Well, there are plenty of themes that you could explore to answer this question, but one of the central ones concerns the narrator's own struggle and journey towards establishing his own identity and raison d'etre in life. Throughout his childhood, it is clear that Amir finds it difficult to know who he his and how he fits in to life. He feels constantly judged by his father's bravery and strength, and how he is able to stand up for what he knows to be right. Amir is presented as a character who is weak compared to his father. He lets Hassan be raped and does nothing and he does not stand up to protect an Afghan woman from being raped as he is smuggled out of Pakistan. Note how in Chapter Ten when Amir tries to stop Baba from defending this woman he is met with disdain:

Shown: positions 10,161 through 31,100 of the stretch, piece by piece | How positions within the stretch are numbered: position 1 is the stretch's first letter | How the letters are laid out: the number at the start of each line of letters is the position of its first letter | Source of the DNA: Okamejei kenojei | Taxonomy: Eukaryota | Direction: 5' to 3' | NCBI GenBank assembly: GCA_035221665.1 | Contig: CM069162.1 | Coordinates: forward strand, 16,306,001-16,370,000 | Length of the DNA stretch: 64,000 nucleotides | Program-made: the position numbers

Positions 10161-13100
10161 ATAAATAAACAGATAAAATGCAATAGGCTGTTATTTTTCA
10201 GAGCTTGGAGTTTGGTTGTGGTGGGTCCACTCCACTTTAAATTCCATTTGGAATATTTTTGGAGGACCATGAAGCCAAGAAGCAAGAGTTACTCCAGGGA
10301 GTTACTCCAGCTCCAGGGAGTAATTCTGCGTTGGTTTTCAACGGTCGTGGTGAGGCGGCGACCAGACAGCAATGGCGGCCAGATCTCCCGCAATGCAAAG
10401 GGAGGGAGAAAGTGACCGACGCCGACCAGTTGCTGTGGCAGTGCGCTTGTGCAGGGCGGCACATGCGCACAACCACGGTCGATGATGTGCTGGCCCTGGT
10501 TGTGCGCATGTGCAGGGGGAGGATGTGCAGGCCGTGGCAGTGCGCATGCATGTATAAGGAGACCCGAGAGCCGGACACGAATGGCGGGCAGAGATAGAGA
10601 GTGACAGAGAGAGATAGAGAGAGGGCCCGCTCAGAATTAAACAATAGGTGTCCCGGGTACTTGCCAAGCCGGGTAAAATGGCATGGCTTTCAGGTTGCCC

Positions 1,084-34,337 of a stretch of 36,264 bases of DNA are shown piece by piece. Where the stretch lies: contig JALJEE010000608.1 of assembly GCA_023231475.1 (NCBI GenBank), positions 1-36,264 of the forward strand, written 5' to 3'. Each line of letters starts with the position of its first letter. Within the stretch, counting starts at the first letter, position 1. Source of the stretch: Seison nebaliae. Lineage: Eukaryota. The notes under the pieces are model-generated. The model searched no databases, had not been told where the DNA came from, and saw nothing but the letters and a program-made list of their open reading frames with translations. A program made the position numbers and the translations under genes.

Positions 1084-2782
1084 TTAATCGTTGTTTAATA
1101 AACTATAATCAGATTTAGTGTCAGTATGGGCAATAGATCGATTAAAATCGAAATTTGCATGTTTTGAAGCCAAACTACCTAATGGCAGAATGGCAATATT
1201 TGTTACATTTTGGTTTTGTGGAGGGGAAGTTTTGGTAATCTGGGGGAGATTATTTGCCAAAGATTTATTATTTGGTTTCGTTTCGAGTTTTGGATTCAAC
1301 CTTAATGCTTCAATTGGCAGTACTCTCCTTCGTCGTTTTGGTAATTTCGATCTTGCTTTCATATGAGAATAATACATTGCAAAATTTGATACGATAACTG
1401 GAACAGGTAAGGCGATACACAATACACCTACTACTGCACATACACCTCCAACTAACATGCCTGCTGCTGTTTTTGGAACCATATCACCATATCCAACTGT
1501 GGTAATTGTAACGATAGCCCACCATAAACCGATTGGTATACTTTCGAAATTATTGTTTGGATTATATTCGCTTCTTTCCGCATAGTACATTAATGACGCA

"Baba, sit down please," I said, tugging at his sleeve. "I think he really means to shoot you."
Baba slapped my hand away. "Haven't I taught you anything?" he snapped.
Amir's own lack of moral uprightness and cowardice is constantly judged by the example of his father. It is only when Amir is confronted with the truth of his relations with Hassan that he finds the courage borne out of necessity to return to a devasatated Afghanistan and face his childhood nemesis, Assef, in order to rescue Hassan's son, and redeem himself, finding out who he is and seeing that he is his father's son after all. Thus the theme of discovering identity is shown through the journey--in every sense of the word--that Amir makes during the course of the novel.